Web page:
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Parallel MCTS-minimax hybrids

Peter de Groot and Sai Bhargav Yalamanchi






We are going to implement a hybrid MCTS-minimax algorithm to solve chess problems. The algorithm will take advantage of various sources of parallelism in the algorithm with CUDA and OpenMP and the times to execute will be compared against speedup over sequential.


Minimax with alpha-beta pruning has been the state of the art algorithm used by many chess engines (until the advent of AlphaZero). A drawback of using bare bones minimax is that the search space becomes combinatorially large and unwieldy to perform brute force enumerations in order to determine the best move. Monte Carlo Tree Search is a best-first tree search algorithm that focuses on the most promising lines of play. However it often succumbs to traps in games like chess either due to missing a critical move or underestimation of utilities of certain terminal states. A hybrid approach of MCTS-minimax can potentially result in an algorithm that is fast (from avoiding brute force enumerations where possible due to MCTS) and can avoid traps (from exhaustive minimax searches in near terminal states).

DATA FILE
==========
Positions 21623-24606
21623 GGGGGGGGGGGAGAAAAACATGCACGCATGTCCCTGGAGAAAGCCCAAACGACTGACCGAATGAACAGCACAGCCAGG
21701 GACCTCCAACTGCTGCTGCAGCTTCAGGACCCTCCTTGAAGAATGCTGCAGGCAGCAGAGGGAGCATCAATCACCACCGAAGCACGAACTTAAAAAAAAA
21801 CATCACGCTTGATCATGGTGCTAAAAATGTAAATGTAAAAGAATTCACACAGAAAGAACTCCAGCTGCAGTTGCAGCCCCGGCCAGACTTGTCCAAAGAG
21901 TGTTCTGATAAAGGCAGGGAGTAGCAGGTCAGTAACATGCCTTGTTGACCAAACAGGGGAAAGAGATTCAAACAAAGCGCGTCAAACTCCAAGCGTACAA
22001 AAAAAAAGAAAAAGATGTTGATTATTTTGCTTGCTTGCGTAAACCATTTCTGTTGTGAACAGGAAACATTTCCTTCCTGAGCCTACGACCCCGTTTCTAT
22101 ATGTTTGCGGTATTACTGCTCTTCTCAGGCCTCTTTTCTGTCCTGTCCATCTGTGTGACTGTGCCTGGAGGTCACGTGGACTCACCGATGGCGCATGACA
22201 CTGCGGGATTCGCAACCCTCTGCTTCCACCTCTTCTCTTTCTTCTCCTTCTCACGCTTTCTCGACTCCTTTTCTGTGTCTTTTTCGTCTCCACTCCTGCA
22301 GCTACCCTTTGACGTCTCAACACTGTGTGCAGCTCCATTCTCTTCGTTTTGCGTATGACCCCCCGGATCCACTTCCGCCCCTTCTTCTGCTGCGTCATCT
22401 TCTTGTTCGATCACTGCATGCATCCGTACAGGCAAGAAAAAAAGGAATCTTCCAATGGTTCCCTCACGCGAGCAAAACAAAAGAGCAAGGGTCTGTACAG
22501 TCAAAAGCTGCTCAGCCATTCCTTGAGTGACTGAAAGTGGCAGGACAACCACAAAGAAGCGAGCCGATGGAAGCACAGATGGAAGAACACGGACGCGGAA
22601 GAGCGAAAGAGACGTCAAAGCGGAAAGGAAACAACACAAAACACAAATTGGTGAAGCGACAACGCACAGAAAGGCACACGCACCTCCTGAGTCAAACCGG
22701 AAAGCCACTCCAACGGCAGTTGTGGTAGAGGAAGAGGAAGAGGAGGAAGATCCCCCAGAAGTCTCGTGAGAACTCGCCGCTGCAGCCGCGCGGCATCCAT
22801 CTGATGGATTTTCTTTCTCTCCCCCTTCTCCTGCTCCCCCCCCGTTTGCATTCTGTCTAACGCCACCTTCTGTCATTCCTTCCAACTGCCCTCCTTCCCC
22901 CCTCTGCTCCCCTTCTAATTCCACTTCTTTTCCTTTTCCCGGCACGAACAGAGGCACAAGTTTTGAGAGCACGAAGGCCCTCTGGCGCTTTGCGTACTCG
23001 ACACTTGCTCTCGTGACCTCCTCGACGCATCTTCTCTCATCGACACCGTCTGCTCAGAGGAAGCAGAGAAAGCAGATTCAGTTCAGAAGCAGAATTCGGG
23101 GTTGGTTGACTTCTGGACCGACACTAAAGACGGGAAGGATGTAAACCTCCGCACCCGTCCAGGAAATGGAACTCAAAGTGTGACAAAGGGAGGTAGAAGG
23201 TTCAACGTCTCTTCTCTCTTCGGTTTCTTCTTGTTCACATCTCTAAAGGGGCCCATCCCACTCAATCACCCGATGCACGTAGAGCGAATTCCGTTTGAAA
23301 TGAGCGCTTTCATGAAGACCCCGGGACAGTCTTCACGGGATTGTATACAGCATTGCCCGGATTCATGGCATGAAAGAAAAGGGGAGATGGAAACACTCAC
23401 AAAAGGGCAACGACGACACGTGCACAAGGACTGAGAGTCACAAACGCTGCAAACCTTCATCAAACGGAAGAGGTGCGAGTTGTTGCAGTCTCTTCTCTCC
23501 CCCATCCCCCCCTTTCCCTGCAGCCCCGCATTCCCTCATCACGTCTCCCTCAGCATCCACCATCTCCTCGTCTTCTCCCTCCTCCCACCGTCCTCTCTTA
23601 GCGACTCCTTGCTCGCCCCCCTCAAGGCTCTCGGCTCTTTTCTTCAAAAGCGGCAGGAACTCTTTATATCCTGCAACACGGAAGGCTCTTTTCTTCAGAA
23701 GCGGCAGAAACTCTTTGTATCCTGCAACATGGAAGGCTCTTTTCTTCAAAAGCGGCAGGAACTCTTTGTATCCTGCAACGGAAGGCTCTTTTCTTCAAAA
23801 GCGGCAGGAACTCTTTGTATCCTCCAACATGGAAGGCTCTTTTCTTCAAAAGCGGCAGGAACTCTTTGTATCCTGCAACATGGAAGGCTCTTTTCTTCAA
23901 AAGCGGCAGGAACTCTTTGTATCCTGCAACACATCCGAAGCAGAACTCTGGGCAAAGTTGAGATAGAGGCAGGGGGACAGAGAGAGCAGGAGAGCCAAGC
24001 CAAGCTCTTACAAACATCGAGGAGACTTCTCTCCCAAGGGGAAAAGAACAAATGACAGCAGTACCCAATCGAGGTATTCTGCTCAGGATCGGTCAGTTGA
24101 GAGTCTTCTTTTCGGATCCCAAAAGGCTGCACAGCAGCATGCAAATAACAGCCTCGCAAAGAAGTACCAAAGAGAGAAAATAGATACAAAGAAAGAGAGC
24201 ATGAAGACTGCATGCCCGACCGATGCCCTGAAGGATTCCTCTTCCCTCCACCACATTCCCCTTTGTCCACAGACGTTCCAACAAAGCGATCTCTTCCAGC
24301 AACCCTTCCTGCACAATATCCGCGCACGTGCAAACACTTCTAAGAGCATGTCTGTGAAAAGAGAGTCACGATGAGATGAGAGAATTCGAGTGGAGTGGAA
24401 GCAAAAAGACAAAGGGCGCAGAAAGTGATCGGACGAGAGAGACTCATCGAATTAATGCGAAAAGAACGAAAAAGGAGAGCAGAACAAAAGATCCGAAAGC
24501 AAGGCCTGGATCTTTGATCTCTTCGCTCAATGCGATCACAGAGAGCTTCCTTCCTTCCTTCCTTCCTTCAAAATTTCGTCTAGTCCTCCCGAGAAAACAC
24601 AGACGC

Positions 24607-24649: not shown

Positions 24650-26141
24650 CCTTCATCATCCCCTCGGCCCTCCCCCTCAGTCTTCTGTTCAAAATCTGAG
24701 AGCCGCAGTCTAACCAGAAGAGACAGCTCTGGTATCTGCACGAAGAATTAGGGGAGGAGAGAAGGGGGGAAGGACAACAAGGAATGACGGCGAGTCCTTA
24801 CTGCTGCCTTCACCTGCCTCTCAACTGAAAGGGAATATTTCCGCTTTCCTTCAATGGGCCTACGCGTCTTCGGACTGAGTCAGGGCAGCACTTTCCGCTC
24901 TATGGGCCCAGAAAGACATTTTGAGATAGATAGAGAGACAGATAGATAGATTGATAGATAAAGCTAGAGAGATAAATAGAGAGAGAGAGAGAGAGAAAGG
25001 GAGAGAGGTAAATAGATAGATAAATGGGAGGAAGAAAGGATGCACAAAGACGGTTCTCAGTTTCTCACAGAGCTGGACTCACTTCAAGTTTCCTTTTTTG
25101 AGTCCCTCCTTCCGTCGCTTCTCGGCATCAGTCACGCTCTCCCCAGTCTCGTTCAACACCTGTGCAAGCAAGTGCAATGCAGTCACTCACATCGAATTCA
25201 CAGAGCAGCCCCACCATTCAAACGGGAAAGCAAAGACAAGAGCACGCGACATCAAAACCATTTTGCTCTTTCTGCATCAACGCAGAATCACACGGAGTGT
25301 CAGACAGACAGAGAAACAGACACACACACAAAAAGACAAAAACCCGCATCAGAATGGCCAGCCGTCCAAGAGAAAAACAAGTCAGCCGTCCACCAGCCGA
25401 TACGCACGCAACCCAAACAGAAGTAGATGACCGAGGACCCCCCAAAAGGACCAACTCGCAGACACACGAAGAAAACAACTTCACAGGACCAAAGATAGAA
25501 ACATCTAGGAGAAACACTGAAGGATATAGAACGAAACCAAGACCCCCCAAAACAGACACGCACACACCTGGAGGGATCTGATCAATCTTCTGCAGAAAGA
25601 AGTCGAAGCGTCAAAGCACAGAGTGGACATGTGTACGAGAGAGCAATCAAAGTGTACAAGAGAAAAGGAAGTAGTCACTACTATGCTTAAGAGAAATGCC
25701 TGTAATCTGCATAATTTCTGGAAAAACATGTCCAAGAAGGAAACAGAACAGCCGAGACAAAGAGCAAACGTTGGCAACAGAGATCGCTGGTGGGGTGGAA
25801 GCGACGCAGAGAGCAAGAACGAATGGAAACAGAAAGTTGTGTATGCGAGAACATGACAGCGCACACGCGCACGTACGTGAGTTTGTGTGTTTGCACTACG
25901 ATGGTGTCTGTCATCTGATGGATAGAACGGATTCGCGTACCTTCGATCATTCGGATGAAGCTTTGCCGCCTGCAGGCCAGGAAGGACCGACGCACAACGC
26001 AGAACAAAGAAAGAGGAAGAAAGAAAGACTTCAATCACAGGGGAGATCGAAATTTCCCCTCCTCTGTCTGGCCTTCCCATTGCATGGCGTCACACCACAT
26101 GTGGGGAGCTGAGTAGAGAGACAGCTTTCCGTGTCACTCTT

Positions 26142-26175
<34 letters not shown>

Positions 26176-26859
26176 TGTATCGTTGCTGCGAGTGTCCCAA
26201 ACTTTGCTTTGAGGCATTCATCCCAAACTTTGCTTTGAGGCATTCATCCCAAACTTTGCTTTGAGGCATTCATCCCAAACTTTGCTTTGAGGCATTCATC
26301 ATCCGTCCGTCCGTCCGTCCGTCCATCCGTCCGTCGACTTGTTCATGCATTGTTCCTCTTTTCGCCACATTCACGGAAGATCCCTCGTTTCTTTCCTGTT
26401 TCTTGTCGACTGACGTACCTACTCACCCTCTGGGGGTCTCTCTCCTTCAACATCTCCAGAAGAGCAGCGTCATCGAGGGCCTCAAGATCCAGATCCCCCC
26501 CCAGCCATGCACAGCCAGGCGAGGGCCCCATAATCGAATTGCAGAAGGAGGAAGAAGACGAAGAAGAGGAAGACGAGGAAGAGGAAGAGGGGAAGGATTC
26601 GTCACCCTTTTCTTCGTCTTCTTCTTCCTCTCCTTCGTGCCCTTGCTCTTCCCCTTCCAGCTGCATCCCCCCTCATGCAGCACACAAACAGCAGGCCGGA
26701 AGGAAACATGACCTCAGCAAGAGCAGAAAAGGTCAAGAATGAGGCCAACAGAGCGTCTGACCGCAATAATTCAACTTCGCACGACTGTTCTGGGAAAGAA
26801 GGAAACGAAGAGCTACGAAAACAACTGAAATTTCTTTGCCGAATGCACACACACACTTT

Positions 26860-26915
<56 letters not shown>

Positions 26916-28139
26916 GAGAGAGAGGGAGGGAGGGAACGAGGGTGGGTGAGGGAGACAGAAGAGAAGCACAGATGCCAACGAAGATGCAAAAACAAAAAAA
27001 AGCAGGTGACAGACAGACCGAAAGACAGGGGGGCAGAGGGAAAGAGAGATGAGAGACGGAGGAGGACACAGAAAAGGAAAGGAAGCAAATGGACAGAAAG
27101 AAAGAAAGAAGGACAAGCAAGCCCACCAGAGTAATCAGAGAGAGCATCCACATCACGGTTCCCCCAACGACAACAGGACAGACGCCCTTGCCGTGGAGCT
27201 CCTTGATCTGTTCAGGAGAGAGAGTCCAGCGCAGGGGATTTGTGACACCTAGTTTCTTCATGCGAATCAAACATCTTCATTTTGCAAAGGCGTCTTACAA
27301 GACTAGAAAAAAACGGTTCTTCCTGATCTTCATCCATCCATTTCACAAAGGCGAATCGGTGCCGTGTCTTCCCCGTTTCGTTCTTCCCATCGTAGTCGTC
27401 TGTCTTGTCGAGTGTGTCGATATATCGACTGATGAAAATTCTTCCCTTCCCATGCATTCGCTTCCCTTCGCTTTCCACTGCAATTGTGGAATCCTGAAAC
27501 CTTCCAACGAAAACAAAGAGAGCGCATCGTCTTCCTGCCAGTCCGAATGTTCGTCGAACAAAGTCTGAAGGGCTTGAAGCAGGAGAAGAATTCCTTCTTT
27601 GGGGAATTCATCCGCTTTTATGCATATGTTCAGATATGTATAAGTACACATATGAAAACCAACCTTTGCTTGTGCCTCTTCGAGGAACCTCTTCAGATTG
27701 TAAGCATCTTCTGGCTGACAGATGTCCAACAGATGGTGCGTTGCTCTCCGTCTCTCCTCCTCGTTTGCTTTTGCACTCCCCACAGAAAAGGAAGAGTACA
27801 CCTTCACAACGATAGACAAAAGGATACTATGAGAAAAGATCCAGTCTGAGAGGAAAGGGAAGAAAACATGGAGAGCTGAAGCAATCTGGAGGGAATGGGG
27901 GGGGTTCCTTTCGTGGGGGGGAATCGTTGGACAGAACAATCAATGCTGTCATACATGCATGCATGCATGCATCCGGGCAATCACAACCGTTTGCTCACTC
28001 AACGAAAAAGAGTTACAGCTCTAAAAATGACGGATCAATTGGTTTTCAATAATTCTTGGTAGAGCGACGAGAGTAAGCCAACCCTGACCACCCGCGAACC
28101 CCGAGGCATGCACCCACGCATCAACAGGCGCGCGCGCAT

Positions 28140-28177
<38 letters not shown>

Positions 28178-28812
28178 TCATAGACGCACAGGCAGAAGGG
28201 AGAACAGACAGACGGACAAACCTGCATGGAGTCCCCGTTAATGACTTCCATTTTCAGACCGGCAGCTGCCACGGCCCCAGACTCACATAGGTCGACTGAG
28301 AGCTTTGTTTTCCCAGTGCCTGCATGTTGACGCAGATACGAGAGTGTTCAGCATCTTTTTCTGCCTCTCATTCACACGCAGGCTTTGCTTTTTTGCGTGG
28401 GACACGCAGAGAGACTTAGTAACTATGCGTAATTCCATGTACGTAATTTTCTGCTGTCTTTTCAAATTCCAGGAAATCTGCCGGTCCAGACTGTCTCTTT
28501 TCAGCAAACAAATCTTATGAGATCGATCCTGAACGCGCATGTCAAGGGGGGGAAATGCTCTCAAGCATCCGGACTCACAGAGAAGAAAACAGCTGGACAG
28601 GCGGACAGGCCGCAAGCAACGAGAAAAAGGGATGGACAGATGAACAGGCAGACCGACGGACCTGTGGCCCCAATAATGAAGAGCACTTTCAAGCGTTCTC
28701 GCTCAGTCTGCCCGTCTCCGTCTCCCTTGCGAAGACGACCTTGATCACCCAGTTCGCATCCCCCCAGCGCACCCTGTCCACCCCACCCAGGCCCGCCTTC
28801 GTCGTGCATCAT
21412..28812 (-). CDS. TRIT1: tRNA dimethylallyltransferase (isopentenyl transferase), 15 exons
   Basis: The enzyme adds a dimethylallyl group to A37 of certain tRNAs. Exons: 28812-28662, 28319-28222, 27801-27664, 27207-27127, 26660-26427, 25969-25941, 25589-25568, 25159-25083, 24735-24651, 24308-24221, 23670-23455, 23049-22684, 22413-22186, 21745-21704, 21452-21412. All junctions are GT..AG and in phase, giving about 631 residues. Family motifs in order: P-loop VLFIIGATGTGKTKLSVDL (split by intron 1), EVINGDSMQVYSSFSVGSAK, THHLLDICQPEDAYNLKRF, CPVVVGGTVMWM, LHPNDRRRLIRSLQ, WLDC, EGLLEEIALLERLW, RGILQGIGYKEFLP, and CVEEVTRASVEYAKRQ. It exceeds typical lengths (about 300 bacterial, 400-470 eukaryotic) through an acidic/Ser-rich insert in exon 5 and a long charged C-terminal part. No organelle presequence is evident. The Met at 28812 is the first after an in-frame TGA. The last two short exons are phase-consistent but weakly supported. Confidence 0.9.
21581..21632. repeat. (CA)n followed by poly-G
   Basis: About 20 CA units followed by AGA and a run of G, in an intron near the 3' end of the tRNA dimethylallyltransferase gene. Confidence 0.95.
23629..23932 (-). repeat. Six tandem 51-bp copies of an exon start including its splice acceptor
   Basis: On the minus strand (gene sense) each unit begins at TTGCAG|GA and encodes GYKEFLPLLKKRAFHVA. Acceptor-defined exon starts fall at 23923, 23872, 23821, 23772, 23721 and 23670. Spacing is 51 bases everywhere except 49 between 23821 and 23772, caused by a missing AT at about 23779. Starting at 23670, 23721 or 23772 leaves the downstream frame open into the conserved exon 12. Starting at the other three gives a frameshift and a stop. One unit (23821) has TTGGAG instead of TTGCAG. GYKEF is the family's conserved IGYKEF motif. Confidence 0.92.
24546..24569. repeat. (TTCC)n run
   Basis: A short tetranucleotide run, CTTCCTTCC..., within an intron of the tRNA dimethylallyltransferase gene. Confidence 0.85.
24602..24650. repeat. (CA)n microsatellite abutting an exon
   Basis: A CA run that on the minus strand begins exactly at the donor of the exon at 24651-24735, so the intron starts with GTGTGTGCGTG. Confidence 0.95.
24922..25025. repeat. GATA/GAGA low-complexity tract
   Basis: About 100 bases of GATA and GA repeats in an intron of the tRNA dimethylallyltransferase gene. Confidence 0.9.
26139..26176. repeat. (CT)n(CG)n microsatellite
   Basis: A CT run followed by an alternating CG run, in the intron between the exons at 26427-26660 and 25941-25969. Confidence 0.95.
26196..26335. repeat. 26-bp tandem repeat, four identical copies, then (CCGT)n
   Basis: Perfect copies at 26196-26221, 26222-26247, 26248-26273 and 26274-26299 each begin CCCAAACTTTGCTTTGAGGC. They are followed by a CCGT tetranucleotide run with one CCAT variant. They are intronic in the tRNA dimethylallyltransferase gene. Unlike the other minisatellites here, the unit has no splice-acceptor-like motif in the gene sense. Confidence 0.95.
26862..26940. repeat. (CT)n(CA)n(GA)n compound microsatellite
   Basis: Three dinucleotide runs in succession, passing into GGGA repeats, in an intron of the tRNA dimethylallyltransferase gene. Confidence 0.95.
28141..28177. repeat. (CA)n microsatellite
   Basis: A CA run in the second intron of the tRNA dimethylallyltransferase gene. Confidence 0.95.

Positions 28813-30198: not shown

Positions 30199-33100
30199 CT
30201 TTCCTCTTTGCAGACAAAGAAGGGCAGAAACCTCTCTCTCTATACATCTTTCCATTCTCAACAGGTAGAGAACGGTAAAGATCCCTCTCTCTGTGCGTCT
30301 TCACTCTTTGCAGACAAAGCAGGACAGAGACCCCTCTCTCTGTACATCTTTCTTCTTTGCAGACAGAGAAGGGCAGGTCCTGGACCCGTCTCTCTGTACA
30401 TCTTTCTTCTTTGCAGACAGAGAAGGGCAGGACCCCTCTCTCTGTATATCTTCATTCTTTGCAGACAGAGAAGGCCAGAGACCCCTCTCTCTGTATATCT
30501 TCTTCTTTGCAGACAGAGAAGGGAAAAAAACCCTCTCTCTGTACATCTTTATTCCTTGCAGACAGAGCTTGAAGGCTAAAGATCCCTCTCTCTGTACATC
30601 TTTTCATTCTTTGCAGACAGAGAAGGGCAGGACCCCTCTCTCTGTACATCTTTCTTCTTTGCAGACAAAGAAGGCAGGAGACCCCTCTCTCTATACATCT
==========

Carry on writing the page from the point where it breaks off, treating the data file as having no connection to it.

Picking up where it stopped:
This is an interesting problem from the parallelism standpoint as the game tree grows exponentially quickly - with naive minimax, one could parallelize the minimax action evaluation process by adding nodes to a work queue that threads/cores could access and pull work out of when they are done executing their current tasks, this is the approach described in [3]. [2] describes several methods to parallelize naive MCTS. The key challenge in our proposed idea is to obtain a speedup in a hybrid of MCTS and minimax, for this we plan on using ideas from both [2] and [3]. There are two axes of parallelism in such hybrids - MCTS tree level and minimax level. Too large a workload size may result in very deep minimax searches which may not be tractable, the right workload size would need to present sufficiently large game trees we could parallelize over while ensuring feasibility of minimax searches. To determine this size we plan on gradually increasing the workload (varying the n in ‘mate in n’) until this balance is achieved.